Set up your development environment
Install Android Studio version 3.1 or higher with Android SDK Platform version 7.0 (API level 24) or higher.
Prepare Android Studio for native development by installing Android Native Development Kit (NDK) and CMake with the SDK Manager. For more information, see Getting Started with the NDK.
You will need to get the ARCore SDK for Android. You can either:
Download the ARCore SDK for Android and extract it.
Clone the repository with the following command:
git clone https://github.com/google-ar/arcore-android-sdk.git
Prepare your device or emulator
You can run AR apps on a supported device or in the Android Emulator. You must update Google Play Services for AR on the emulator before running the app. See Run AR Apps in Android Emulator for more information.
Open the sample project
In Android Studio, open the hello_ar_c sample project in
<ARCore SDK Folder>/samples/hello_ar_c.
The sample project has build dependencies on certain versions of software, such as Gradle and the Android SDK. If the required dependencies are not installed, Android Studio will ask you for permission to download and install them on your machine.
Run the sample
Make sure your Android device is connected to the development machine and click Run in Android Studio.
Android Studio builds your project into a debuggable APK, installs the APK, and then runs the app on your device. For more information, see Build and Run Your App.
As you move your device, the app automatically detects flat surfaces and draws a diamond grid. Tap the grid to place a three-dimensional ARCore pawn on the surface.
Use Instant Placement
The Instant Placement API allows the user to place an AR object on the screen without having to wait for ARCore to detect surface geometry. Object placement is refined in real time as the user moves further around the environment. Once ARCore detects the correct pose in the region where the AR object is placed, the object automatically updates to be pose-accurate.
Tap on the screen to place an object. Make sure to continue moving the device around after seeing the holographic object appear on screen, so that ARCore can get sufficient data about your surroundings to accurately anchor the virtual object.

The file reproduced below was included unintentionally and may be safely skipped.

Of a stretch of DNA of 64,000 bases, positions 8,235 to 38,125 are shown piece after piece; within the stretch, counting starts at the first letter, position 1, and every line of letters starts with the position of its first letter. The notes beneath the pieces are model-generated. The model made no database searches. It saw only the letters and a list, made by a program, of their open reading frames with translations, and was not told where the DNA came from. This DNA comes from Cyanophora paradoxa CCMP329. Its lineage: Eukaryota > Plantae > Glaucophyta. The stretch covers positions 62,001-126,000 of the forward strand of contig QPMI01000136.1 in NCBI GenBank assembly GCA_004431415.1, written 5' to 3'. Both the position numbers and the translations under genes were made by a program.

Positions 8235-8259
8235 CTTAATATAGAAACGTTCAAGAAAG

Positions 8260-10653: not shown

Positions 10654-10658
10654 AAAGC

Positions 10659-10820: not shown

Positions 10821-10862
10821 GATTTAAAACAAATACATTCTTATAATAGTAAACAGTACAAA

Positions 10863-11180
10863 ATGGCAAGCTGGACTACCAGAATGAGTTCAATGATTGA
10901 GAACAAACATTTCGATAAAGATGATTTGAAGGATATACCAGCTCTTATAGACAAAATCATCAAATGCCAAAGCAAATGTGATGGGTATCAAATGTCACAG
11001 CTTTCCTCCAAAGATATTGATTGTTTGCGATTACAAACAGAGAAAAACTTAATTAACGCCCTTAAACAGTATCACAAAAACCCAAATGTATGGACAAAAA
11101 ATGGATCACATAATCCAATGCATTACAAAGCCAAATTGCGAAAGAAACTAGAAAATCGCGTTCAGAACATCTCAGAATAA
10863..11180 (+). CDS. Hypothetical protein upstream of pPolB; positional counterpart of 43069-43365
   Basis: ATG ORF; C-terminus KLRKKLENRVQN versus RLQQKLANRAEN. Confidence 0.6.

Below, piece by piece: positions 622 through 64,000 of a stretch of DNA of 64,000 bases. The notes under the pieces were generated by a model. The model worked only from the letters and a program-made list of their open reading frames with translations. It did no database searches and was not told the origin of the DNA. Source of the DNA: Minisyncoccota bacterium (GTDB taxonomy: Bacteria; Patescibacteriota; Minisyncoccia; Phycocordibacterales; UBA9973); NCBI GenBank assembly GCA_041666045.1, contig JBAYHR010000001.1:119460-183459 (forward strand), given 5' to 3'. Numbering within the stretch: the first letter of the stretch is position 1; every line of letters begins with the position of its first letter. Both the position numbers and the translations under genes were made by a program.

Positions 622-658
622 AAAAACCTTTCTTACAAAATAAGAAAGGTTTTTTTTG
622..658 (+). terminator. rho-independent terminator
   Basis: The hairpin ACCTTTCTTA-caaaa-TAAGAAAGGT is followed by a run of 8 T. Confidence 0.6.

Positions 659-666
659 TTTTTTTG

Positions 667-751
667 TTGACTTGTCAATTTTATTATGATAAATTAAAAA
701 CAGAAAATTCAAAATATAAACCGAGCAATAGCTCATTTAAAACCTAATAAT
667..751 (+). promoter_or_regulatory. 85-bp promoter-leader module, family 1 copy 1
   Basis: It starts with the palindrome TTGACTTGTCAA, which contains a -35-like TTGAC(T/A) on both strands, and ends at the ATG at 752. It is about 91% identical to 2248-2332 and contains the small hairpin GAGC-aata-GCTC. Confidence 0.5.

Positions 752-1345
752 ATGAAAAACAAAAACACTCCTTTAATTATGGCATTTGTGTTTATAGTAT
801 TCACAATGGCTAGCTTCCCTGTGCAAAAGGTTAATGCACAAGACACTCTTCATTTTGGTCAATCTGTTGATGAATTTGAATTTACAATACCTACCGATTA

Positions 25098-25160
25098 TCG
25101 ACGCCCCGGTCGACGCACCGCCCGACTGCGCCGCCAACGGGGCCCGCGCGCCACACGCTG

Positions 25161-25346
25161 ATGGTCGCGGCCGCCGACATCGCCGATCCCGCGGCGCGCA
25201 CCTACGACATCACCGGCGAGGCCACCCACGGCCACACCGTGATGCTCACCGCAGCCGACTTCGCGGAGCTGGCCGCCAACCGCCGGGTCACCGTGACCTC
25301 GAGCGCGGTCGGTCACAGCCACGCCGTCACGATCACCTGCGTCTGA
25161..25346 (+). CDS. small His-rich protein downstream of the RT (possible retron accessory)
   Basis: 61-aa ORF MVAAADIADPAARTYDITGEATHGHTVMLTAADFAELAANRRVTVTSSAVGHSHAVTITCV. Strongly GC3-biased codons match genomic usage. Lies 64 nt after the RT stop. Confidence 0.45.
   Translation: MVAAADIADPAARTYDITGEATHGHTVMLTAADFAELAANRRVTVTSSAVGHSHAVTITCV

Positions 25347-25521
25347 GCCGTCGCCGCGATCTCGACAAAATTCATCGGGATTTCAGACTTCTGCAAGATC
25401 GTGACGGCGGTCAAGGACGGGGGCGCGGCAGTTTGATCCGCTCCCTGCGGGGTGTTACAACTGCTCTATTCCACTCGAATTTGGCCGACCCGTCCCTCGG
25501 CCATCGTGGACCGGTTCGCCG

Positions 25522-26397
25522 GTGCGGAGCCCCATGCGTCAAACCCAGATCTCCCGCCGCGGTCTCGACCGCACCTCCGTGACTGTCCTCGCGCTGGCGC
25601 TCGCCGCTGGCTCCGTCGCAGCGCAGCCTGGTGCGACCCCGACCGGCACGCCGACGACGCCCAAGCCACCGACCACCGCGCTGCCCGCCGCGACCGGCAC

In Figure 1, Instant Placement is disabled and surface geometry is undefined. Objects placed on the floor to the right of the pool table (four small blue dots) appear knocked-over, their poses are undefined.
In Figure 2, Instant Placement is enabled from the menu under the gear icon.
In Figure 3, with Instant Placement enabled, a new object is placed in the scene. It appears in grayscale, instead of colored, to denote that it has not been corrected for an accurate pose yet.
In Figure 4, the new object becomes colored, and its pose is accurate, when the surface geometry (described by the trackable grid lines) is detected.
When Depth is enabled, ARCore takes into account the geometry and location of objects in the scene, and computes the location of objects placed in the scene relative to other objects in the scene. It allows placed objects to be occluded by objects in the scene, and lends realism to your app.
In Figure 1, Depth is disabled. An object is placed under the pool table.
In Figure 2, as the device moves around the pool table, the object appears to follow the device irrespective of objects in the scene.
In Figure 3, Depth is enabled.
In Figure 4, the object now appears occluded by the pool table as the device moves around the scene.
- Learn how to Enable ARCore in your app.
- Use Augmented Images to build apps that can respond to 2D images, such as posters or logos, in the user's environment.
- Use Cloud Anchors
- Use the Depth API to ensure accurate depth for realistic and immersive user experiences.
- Use Instant Placement to quickly place AR objects on the screen.
- Review Runtime Considerations.
- Review Design Guidelines.